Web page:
“We need to make sure everything is working and to learn from the experience,” Galvano said.
The Senate is also considering boosting spending on mental health programmes for schools and giving law-enforcement greater power to involuntarily hold someone considered a danger to themselves.
The body will also look at a proposal to deputise a teacher or someone else at school so they are authorised to have a gun.
Galvano said senators want to examine ways to protect schools that do not have resource officers – often armed law enforcement officers – on site.
Scott and the State House leaders also are considering possible changes to firearms rules, but have not given any details.
Scott planned meetings Tuesday on school safety, and said he would announce proposals on mental health issues later in the week.
Still, some Republicans questioned whether additional gun restrictions are the answer.
“I really don’t want to see this politicised into a gun debate,” Republican Sen. Dennis Baxley.
Referring to gun-control advocates, he said: “Sometimes I wish they were right, that this would fix it, but it won’t … We have a terrible problem with obesity, but we’re not banning forks and spoons.”
Democrats believe raising the age limit and creating a waiting period to buy rifles is not enough.
“That’s unacceptable. That’s a joke,” said Democratic Senator Gary Farmer of Broward County.
“I don’t see that as a restriction. It never should have been that an 18-year-old could buy an assault weapon. No Floridians should be able to buy an assault weapon.”
Cruz legally bought at least seven long guns, including an AK-47-style rifle he bought less than a month ago, a law enforcement official said Monday.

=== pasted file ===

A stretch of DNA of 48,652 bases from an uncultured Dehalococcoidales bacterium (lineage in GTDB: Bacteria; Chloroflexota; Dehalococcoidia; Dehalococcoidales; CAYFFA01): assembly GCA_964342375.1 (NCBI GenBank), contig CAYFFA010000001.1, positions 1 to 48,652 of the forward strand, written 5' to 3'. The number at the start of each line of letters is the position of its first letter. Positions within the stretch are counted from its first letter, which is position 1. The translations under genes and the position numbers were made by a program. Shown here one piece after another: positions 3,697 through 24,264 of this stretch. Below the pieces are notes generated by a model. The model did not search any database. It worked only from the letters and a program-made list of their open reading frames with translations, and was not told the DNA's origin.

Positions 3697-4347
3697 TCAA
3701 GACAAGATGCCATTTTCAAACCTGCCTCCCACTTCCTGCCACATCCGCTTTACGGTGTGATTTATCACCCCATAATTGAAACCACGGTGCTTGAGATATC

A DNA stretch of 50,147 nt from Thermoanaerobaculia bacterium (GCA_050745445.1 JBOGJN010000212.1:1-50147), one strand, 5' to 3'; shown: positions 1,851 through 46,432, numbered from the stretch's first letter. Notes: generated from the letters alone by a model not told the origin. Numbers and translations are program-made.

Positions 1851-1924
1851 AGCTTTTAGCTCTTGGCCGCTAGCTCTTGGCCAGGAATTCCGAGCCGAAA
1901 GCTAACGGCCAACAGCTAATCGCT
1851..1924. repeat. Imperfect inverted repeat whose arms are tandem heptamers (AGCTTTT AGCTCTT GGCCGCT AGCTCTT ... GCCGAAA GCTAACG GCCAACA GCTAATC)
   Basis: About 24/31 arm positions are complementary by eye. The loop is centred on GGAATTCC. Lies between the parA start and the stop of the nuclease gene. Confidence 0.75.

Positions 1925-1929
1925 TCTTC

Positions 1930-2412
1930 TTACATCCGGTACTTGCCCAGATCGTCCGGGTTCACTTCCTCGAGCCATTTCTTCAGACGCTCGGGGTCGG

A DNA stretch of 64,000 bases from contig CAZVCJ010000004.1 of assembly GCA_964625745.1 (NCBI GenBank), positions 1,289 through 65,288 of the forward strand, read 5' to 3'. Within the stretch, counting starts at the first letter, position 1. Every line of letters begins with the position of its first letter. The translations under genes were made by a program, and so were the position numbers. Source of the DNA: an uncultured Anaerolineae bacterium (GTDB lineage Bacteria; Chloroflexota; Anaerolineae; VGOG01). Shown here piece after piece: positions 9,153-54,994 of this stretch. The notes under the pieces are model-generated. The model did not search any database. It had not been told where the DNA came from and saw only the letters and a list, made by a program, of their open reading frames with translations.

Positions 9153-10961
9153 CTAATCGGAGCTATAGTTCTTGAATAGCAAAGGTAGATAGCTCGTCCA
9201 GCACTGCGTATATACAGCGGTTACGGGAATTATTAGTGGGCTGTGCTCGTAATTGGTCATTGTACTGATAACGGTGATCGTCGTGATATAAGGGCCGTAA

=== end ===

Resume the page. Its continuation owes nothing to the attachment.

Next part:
The official is familiar with the investigation but isn’t authorised to discuss it and spoke on condition of anonymity.
Federal law allows those 18 and over to buy rifles, and Cruz passed background checks.
Cruz made his first appearance in court Monday. His lawyers have said he will plead guilty if prosecutors agree not to pursue the death penalty. No decision has been made on that.
Since the attack, students from the school have become increasingly vocal in their demands for gun-control measures.
Many have pointed out politicians who take financial support from the National Rifle Association, and some have lashed out at President Donald Trump, saying he was busy blaming Democrats for failing to pass gun restrictions while taking no action of his own.
Trump said Monday that he was supportive of a bipartisan effort to strengthen federal background checks for gun purchases.
Also on Tuesday, pupils from several Florida high schools took to the streets in a show of solidarity with Stoneman students.
Video footage taken from television news helicopter crews showed several dozen students who walked out of West Boca Raton High School on Tuesday morning. The school is around 11 miles (17km) from Marjory Stoneman Douglas High School.
Several dozen more students gathered outside Florida’s Fort Lauderdale High School, holding signs with messages that included “our blood is on your hands.” On Monday, students at American Heritage High School held a similar protest.
Students are also calling for anti-gun violence demonstrations in Washington and other cities on March 24.
Organisers behind the anti-Trump Women’s March called for a 17-minute nationwide walkout by teachers and students on March 14, and a gun-control group was calling for a rally to ban assault weapons Wednesday at the Florida Capitol.